However, in early January, the rule had yet to show up in the federal register.

Long-Needed Modernization

As the IAA explained, the “Advertisement” definition contains “two prongs” to now include advertising and solicitation.

“The first prong captures traditional advertising with certain exclusions (most one- on-one communications and extemporaneous, live, oral communications),” IAA explained. “The second prong covers compensated testimonials and endorsements (including directed brokerage, awards or other prizes, and reduced advisory fees), and includes a similar scope of activity as traditional solicitations under the current solicitation rule.”

However, the new rule extends to non-cash as well as cash compensation. “Generally, the final marketing rule reflects a good and long-needed modernization of the very old advertising and solicitation rules,” added Sara Crovitz, partner at Stradley Ronon in Washington.

Crovitz noted that there are “no more per se prohibitions.”

For instance, “the final rule permits past specific recommendations and testimonials,” Crovitz explained. “In addition, the final rule includes sensible principles-based prohibitions. And unlike the proposal, the final rule does not generally apply to communications to one person nor does it require pre-use review of advertisements. Overall, it’s a vast improvement.”

However, some aspects of the final rules are not as welcome, Crovitz opined. “Even though advertisements generally are subject to the principles-based prohibitions, presentations of performance also are subject to some new prescriptive requirements,” she said.

For instance, most advertisements that include performance “will have to use specific time periods to show that performance,” according to Crovitz.

Also, the SEC adopted “a broad definition of hypothetical performance, including targeted performance, such as a statement that an investment adviser aims to match the performance of a particular index,” she said. “While targeted performance is not subject to the same risk of investor confusion, it is subject to the same detailed conditions and disclosures as for other hypothetical performance.”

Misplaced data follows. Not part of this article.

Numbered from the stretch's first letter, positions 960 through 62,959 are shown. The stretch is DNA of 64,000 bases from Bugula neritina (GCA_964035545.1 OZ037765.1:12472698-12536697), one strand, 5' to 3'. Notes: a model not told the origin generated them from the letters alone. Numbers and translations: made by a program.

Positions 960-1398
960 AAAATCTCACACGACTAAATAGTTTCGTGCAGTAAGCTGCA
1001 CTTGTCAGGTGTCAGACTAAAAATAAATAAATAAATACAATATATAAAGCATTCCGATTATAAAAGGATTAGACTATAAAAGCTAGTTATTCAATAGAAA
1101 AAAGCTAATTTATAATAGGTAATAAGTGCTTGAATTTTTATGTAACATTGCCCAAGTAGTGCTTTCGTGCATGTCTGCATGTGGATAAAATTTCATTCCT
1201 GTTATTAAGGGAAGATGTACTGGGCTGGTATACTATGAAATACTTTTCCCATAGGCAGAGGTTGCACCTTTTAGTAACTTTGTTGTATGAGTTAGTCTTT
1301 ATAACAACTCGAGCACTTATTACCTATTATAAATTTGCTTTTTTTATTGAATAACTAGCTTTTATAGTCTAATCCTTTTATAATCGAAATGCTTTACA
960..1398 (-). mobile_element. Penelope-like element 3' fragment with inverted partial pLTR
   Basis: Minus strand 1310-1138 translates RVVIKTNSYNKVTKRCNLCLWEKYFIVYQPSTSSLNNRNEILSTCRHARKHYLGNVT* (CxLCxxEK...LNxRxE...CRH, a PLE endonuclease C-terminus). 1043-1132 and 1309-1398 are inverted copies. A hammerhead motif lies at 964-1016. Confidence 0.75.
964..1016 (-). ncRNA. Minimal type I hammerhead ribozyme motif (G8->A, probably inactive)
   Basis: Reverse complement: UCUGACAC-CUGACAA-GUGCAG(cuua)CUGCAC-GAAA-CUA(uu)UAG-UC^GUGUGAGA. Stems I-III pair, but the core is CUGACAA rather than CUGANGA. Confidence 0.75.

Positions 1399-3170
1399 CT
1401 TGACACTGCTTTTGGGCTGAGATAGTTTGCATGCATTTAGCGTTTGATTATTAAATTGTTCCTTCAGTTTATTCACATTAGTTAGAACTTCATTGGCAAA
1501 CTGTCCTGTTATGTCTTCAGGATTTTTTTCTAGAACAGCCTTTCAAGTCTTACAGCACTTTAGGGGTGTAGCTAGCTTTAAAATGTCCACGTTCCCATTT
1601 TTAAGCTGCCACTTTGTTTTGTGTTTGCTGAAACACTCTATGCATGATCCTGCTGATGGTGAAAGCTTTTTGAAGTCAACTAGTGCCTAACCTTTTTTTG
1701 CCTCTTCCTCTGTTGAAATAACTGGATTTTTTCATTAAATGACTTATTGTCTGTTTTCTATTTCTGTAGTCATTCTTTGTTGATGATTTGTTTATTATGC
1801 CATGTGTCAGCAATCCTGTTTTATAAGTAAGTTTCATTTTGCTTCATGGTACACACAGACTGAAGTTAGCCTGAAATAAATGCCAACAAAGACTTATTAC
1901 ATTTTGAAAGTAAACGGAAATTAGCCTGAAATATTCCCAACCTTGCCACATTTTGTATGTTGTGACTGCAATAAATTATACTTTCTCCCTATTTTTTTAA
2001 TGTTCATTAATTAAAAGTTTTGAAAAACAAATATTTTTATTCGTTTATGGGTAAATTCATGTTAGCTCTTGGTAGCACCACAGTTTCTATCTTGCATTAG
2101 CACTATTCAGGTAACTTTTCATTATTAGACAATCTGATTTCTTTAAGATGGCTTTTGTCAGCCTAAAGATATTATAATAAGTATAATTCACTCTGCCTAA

The final rule explicitly subjects private fund advisors to the marketing rules with regard to communications to private fund investors, Crovitz explained.

“There may be some pretty significant impacts for private fund adviser compliance programs. For example, while the presentation of past specific performance is now more principles-based, which should be a welcome change to private equity advisers, the final rule also includes a flat prohibition on showing gross performance without side-by-side net performance,” according to Crovitz.

One aspect that may not stand out but is worth paying attention to as advisers plan updates to their compliance programs is the amendments to Form ADV. “The final rule requires advisers to disclose additional information about their use of certain types of advertisements and advertising practices. Advisers should be aware that the Division of Examinations will be mining this data to prepare for examinations of advisers.

Max Schatzow, a member of Stark & Stark’s Investment Management & Securities Group in Lawrenceville, NJ, said in a Twitter string that the new definition of advertisement “is much broader and includes all direct or indirect communications (a) made to more than 1 person (but includes most 1-on-1s if it contains hypothetical performance) & (b) testimonials and endorsements.”

The advertisement definition “specifically excludes: (A) Extemporaneous, live, oral communications (think unscripted speeches); (B) Info contained in a statutory/regulatory filings; or (C) certain unsolicited responses to requests for hypothetical performance,” Schatzow tweeted.

As to testmionials/endorsements, Schatzow tweeted that advisors must “disclose, or reasonably believe the person giving the testimonial/endorsement discloses that cash/non-cash compensation was provided, a statement of conflict of interest, and terms of compensation.”

Washington Bureau Chief Melanie Waddell can be reached at [email protected].